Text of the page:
Why we don’t need a post-Covid ‘new normal’

19 September, 2020 — Terry Bell Writes

Six months ago, the gross, even terrifying, social and economic inequalities that were regarded as normal around the world were highlighted when Covid-19 was declared a pandemic by the Word Health Organisation. Since then, those inequalities have become even more gross and terrifying.

Latest research reveals that the very rich have generally become much richer while ever more millions of working people — including many who might once have thought of themselves as middle class — have been made hungry and desperate, cast onto the social scrapheap of joblessness. Over recent decades, profits and the wage and welfare gap have increased massively, especially in the world’s largest economy, the USA.

The Forbes magazine richest list, for example, this month gave the combined wealth of the ten wealthiest Americans as $853 billion. In 1982, when the list was first compiled, the ten richest Americans had a combined wealth (in today’s dollars) of just $27.9 billion. And the gaps between the highest and lowest paid have yawned into chasms.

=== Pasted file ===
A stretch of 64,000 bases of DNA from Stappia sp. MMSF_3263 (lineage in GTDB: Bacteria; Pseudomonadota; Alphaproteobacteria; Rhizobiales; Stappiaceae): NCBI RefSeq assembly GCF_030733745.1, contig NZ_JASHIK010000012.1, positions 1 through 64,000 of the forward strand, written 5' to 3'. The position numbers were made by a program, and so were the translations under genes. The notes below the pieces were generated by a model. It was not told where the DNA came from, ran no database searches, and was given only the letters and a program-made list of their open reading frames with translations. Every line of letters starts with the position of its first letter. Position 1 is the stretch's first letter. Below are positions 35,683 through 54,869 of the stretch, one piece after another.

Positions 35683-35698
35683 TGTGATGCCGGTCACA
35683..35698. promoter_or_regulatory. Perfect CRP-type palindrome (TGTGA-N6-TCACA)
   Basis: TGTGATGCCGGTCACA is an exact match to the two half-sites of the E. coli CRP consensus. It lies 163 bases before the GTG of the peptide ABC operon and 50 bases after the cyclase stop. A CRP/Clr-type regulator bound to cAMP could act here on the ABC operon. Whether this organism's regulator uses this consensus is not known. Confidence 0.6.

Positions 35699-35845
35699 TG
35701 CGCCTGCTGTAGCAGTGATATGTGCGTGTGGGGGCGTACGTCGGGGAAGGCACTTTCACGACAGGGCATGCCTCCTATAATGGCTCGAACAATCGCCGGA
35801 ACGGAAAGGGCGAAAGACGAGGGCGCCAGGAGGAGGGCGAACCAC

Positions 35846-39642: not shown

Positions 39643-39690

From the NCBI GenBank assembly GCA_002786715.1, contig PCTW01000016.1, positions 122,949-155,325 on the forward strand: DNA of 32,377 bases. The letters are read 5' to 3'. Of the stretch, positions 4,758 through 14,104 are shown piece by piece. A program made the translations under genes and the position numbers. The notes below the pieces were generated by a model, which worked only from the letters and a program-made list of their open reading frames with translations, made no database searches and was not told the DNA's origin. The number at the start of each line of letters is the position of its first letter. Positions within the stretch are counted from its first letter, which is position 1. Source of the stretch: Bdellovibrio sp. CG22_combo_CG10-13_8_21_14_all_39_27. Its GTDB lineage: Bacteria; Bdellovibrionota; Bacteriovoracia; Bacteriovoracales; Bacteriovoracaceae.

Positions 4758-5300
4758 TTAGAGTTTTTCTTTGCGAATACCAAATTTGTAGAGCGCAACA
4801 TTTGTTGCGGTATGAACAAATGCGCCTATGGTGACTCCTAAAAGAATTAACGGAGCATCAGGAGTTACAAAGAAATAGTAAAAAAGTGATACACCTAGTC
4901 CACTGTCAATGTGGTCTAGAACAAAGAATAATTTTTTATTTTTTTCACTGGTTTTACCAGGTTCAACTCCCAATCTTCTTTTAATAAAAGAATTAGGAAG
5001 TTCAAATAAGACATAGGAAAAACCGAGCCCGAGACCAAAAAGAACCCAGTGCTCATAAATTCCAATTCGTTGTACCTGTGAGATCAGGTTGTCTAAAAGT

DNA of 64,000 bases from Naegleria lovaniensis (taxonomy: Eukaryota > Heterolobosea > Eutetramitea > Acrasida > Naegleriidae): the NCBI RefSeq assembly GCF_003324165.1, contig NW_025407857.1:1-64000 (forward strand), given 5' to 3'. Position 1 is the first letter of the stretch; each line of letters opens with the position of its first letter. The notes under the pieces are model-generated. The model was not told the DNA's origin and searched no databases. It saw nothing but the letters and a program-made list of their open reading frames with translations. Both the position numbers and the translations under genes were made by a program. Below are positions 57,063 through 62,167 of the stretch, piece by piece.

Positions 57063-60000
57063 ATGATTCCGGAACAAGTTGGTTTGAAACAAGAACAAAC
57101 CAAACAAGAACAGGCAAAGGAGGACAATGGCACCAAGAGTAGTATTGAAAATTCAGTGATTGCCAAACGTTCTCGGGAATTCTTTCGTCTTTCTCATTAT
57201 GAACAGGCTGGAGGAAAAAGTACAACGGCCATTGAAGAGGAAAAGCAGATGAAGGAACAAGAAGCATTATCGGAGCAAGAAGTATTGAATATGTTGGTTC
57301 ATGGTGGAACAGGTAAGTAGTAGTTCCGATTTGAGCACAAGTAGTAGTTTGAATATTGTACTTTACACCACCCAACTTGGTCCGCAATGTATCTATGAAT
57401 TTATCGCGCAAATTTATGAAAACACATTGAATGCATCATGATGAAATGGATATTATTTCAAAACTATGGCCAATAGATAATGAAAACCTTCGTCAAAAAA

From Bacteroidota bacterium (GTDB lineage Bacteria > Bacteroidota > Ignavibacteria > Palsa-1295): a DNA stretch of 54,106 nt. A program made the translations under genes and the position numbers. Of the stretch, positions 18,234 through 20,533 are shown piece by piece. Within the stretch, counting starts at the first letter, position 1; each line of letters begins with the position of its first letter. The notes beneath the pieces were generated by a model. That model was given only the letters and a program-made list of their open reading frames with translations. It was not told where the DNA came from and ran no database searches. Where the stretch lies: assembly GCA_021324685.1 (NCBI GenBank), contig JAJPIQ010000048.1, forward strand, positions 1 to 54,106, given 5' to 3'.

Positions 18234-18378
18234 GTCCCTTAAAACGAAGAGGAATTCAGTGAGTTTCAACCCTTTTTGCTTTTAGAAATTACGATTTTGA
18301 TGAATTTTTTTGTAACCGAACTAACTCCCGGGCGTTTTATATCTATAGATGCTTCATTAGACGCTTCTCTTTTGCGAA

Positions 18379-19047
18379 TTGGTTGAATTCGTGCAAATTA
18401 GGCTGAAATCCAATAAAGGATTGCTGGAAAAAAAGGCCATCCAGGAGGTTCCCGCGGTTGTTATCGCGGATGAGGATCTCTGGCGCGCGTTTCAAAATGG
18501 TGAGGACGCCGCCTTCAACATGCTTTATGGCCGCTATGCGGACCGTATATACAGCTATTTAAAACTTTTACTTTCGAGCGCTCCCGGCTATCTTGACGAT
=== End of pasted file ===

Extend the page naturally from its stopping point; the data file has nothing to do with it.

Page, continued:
It is a situation well summed up this month by Oxfam executive director, Chema Vera: “Covid-19 has been tragic for the many but good for a privileged few.”

Vera was speaking at the launch of the campaigning groups’ report entitled Power, Profits and the Pandemic. He added: “The world’s largest corporations are making billions at the expense of low wage workers and funnelling profits to shareholders and billionaires – a small group of largely white men in rich nations.”

This, as Oxfam has long maintained — along with many human right groups and the bulk of the labour movement — is a crisis “fuelled by a rigged economic model”. And, with more than a touch of irony, that model arguably entered the mainstream of economic policy making exactly 50 years ago to the month.